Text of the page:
We’re psyched to give our galley a total refit. First, though, comes the demolition!
This post is all about a few small items that can help with space, organization, or just simple tricks that make life easier. All of these pictures were taken on board Totem, during our unbelievable 10 days aboard in Panama. If you don’t follow Behan and Jamie and their kids, who at this writing are closing in on their circumnavigation after 10 years out, you’re missing out. www.sailingtotem.com
1. A pair of silpat baking mats* that you can roll out tortillas in between. I’d not thought about this trick, which will save flour, oil, plastic wrap – anything you might use to stop thin dough from sticking to whatever surface you’re working on. Of course, you can use the mats (one at a time, anyway) for their intended purpose and just bake cookies or pastries on them.
2. A small white board pinned to the bulkhead near the galley, where you list items to be used up, items you need to purchase, and even (if you’ve got a large crew) who’s in charge of dishes for the next dish event. I particularly like the “things to use up” category, as even in a tiny boat fridge it’s easy to lose track of what you’ve got tucked in there. This list means you won’t waste food, an always-helpful aspect of life on a budget.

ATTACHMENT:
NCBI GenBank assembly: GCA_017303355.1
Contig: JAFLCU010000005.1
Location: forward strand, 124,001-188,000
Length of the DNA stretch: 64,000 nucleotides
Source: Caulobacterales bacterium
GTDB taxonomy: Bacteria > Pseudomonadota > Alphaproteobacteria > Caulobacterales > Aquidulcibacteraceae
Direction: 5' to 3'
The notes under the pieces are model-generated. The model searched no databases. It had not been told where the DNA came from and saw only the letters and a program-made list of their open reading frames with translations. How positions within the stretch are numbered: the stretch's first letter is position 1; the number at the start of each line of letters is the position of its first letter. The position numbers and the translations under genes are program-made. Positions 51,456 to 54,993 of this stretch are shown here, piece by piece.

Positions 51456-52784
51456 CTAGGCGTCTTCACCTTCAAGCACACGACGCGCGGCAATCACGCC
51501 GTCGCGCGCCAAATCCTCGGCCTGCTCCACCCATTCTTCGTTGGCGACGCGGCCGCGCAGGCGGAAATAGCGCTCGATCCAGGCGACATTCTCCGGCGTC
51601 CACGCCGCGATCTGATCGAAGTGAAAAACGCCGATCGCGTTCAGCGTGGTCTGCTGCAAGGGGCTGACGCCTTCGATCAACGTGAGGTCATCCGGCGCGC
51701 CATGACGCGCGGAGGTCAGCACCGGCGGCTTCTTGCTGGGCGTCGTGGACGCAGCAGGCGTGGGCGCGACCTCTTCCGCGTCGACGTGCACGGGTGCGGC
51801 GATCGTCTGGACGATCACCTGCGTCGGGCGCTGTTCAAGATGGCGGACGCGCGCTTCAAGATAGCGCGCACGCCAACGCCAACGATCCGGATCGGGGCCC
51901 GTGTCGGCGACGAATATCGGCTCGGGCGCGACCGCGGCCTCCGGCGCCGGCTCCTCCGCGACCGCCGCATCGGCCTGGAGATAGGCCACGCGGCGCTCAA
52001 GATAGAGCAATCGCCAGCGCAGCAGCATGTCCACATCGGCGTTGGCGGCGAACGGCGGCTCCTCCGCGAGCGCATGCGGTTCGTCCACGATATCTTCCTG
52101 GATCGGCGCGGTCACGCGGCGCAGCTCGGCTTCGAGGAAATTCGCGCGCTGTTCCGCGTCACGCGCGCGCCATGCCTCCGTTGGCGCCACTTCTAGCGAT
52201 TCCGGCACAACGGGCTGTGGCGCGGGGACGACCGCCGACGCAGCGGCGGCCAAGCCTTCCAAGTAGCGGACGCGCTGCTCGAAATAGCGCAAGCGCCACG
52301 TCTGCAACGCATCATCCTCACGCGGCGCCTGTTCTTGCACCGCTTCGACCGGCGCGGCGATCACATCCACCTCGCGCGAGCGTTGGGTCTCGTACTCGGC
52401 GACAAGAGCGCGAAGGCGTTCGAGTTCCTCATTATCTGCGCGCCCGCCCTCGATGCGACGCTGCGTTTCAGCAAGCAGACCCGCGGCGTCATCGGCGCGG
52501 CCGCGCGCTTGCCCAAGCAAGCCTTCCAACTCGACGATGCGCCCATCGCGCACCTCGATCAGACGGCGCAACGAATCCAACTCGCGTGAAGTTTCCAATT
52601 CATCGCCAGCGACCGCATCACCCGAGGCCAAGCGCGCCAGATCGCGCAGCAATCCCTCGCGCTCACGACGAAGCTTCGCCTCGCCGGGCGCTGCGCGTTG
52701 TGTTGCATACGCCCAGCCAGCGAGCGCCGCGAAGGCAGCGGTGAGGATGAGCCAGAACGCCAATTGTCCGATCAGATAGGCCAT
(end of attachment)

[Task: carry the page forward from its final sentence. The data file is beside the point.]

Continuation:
3. Double magnet bars as a knife holder, pinned to the underside of the overhead or on a bulkhead or inside a cabinet. This trick takes advantage of otherwise unusable space. I’ve often seen a single magnet bar used in this way, which makes me nervous. The double magnet bar means the knives are attached on 2 strong points. Behan tells me the only time a knife has come loose in their travels is when someone has knocked it. The passage we did with them, a 44 mile slog in large seas that Jamie casually tossed out as easily one of the top 10 worst passages they’d seen, had those knives staying exactly where they were placed.
4. Bins for organization in the fridge. Boat fridges are often top-loading, which can make organization and finding things a true pain. Add to that the constant concern about not leaving the fridge open too long (that cold is electricity which you have to generate, remember – I’d rather be keeping the beer and butter cold than pouring the cold into the air) . . . separating like items in bins makes it far easier to find them. Added bonus – you can store things under the bin, effectively creating layers that can be easily accessed.
5. A refillable pump container for sunscreen that fits perfectly into a cup holder in a prominent place in the cockpit. Buying sunscreen in bulk is a good way to save money, but hauling out a humongous container every day (multiple times a day) will get old way faster than you can imagine. Keeping the sunscreen accessible and easily dispensed is a fabulous way to make it more used, and making sure the crew stays protected from the sun is important to long-term health. Sure, wearing long-sleeved shirts and staying in the shade is number one – but you’ll still need sunscreen!
All of these save space, sanity, or some kind of resource. Sounds like the perfect cruising hack to me!
See you out there.
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